Medical yehool; Consulting Neurologist to the Cook County Institutions for
the Insane at Dunning, Illinois ; Attending Neurologist to the Michael Eeese
and St. Elizabeth 's Hospitals, Chicago.

E. C. B. — Edward C. Bull, Pasadena, Calif.

E. C. E. — Edward Coleman Ellett, B. A., M. D., Memphis, Tenn.

Professor of Ophthalmology, University of Tennessee, College of Medicine.

E. E. I. — Ernest E. Irons, M. D., Ph. D., Chicago, III.

Assistant Professor of Medicine, Ensh Medical College; Assistant Attending
, Physician, Presbyterian Hospital; Attending Physician, Cook County Hospital;

Consulting Physician, Durand Hospital of the Memorial Institute for Infec-
tious Diseases, Chicago.

E. J. — Edward Jackson, C. E., M. A., M. D., Denver, Colo.

Professor of Ophthalmology in the University of Colorado ; Former Chairman
of the Section on Ophthalmology of the American Medical Association; For-
mer President of the American Academy of Ophthalmology and Oto-Laryngol-
ogy; The American Ophthalmological Society, and The American Academy
of Medicine. Author of Skiascopy and Us Practical Application ; Manual of
Diseases of the Eye ; Editor of Ophthalmic Year-BooJc (nine volumes) ; Oph-
thalmic Review; Ophthalmic Becord; and OphtJialmic Literature.

E. S. T. — Edgar Steiner Thomson, M. D., New York City, N. Y.

Surgeon and Pathologist, Manhattan Eye, Ear and Throat Hospital; Professor
of Ophthalmology, New York Polyclinic Medical School and Hospital; Con-
sulting Ophthalmologist to Perth Amboy and Ossining Hospitals; Member of
the New York Academy of Medicine, New York Ophthalmological, and Ameri-
can Ophthalmological Societies. Author of Electric Appliances and Their Use
in Ophthalmic Surgery, in Wood 's System of Ophthalmic Operations, and
various monographs.

F. A. — Frank Allport, M. D., LL. D., Chicago, III,

Ex-Professor, Ophthalmology and Otology, Minnesota State University; Ex-
President, Minnesota State Medical Society; Ex-Chairman and Secretary,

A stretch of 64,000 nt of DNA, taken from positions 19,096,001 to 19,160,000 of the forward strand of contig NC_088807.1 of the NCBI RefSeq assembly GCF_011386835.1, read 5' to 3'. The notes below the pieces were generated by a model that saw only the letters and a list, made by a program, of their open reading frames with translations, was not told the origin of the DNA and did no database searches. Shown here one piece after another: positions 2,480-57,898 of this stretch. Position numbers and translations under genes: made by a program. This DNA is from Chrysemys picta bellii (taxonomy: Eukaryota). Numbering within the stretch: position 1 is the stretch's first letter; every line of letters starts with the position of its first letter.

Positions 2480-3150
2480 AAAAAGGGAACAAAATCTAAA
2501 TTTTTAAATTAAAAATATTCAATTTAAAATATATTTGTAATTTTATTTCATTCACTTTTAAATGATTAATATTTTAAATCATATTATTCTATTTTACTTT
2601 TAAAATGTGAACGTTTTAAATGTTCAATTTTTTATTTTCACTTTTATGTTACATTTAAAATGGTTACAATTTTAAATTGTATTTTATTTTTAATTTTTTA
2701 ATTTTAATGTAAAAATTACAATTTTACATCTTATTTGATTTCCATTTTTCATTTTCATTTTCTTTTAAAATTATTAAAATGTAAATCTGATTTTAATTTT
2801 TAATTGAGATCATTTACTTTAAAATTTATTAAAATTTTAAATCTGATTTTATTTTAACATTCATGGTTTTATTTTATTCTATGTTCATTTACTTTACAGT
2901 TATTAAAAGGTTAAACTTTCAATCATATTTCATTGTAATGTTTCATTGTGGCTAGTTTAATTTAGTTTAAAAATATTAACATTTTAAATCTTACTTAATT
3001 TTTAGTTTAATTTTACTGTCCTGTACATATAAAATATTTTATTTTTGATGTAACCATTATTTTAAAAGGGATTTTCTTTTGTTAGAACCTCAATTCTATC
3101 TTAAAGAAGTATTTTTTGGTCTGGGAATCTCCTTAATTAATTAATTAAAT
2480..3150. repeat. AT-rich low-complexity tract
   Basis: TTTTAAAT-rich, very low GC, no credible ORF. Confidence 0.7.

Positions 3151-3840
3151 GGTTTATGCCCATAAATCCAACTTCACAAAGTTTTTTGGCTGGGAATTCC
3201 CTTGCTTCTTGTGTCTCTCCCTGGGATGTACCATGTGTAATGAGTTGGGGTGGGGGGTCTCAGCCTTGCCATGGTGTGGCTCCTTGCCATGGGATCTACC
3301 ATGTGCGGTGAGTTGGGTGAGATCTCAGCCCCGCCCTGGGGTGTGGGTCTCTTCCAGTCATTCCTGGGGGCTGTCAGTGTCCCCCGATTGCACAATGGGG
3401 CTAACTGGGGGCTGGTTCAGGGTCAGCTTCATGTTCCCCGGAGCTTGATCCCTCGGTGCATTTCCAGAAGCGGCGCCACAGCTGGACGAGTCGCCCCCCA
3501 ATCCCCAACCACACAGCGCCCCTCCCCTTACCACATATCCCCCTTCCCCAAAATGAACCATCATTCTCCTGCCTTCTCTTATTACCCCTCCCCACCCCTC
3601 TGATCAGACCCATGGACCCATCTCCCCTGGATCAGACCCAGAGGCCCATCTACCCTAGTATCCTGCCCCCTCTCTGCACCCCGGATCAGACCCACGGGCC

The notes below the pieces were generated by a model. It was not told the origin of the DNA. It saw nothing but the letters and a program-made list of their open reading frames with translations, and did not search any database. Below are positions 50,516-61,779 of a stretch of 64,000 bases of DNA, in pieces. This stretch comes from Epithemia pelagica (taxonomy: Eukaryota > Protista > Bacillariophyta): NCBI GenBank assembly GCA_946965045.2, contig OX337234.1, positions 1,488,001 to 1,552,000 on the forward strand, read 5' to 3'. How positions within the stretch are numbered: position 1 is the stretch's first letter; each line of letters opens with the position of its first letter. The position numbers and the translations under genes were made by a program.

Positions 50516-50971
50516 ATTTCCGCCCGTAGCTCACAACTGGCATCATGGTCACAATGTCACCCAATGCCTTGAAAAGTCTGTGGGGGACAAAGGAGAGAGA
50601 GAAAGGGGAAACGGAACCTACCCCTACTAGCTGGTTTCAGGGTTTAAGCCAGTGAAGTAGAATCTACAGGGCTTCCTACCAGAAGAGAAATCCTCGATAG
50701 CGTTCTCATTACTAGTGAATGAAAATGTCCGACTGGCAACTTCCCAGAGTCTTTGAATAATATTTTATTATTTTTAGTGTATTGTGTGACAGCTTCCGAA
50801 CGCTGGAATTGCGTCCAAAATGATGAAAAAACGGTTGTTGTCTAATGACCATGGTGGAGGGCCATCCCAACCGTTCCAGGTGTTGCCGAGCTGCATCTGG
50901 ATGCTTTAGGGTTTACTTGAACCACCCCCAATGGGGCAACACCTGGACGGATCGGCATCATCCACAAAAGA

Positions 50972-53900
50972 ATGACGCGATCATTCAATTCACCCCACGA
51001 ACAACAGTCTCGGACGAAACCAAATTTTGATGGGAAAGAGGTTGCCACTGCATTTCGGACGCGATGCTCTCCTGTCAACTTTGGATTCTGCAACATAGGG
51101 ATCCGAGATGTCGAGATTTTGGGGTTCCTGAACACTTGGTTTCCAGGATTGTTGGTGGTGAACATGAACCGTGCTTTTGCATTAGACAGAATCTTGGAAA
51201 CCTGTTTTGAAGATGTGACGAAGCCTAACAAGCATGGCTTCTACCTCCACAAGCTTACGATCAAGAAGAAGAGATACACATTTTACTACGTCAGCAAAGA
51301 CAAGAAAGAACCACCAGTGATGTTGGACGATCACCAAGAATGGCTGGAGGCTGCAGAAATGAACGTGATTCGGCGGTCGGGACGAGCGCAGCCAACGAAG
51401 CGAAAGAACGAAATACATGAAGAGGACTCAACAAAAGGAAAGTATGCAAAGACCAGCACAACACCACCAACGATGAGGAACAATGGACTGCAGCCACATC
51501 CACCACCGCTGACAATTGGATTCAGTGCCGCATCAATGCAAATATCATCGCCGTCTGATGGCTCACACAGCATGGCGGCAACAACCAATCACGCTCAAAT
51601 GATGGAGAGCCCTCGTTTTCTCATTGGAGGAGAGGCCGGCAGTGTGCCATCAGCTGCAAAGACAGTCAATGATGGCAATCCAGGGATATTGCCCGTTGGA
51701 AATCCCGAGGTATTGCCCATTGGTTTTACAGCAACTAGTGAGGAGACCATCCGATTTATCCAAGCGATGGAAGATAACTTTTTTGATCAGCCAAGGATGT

Ophthalmic Section, American Medical Association; Ex-Professor, Ophthal-
mology and Otology, Northwestern University Medical School; Ex-President,
Chicago Ophthalmological Society. Author of The Eye and Its Care; Co-
Author of An American Text-Boole of Diseases of the Eye, Ear, Nose and
Throat; A System of Ophthalmic Therapeutics, and A System of Ophthalmic
Operations. Eye and Ear Surgeon to the Chicago Board of Education and
to St. Luke's Hospital, Chicago.

F. P. L. — Francis Park Lewis, M, D., Buffalo, N. Y.

President American Association for the Conservation of Vision; President
Board of Trustees N. Y. State School for the Blind; President N. Y. State
Commissions for the Blind (1903 and- 1906); Chairman Committee on Preven-
tion of Blindness, American Medical Association; Ophthalmologist Buffalo
State Hospital and Buffalo Homeopathic Hospital; Consulting Ophthalmologist
J. N. Adam Memorial Hospital; Fellow Academy Ophthalmology and Oto-
Laryngology.

H. B. W. — Henry Baldwin Ward, A. B., A. M., Ph. D., Champaign,
III.

Professor of Zoology, University of Illinois; Ex-Dean of the College of Medi-
cine, University of Nebraska. Author of Parasitic Worms of Man and the
Domestic Animals; Data for the Determination of Human Entosoa; Icono-
graphia Parasitorum Hominis; Human Parasites in North America.



INDIVIDUAL CONTRIBUTORS 11

H. S. G. — Harry Searls Gbadle, A. B., I\I. D., Chicago, III.

Professor of Oplithalmology, Chicago Eye and Ear College; Director of Oph-
thalmic Clinic, West Side Free Dispensary; ^Member of the Ophthalniologische
Gesellschaft, American Medical Association, American Academy of Ophthal-
mology and Oto-Laryngology.

H. V. W. — Harry Vanderbilt Wurdemann, ■M. D., Seattle, Wash.

Managing Editor, Oplitlialmology, since 1904; Editorial Staff of the Opldlial-
mic Becord since 18f)7; jNIanaging Editor, Annals of OiihihalmnJomi, 1897-

1904. Mend)er American Medical Association; Ex-Chairimni Section on Oph-
thalmology, American Medical Association; Hon. Mcmlier, Socieilnd Cientifica,
Mexico; N. W. Wisconsin Medical Society and Philosophical Society. Fel-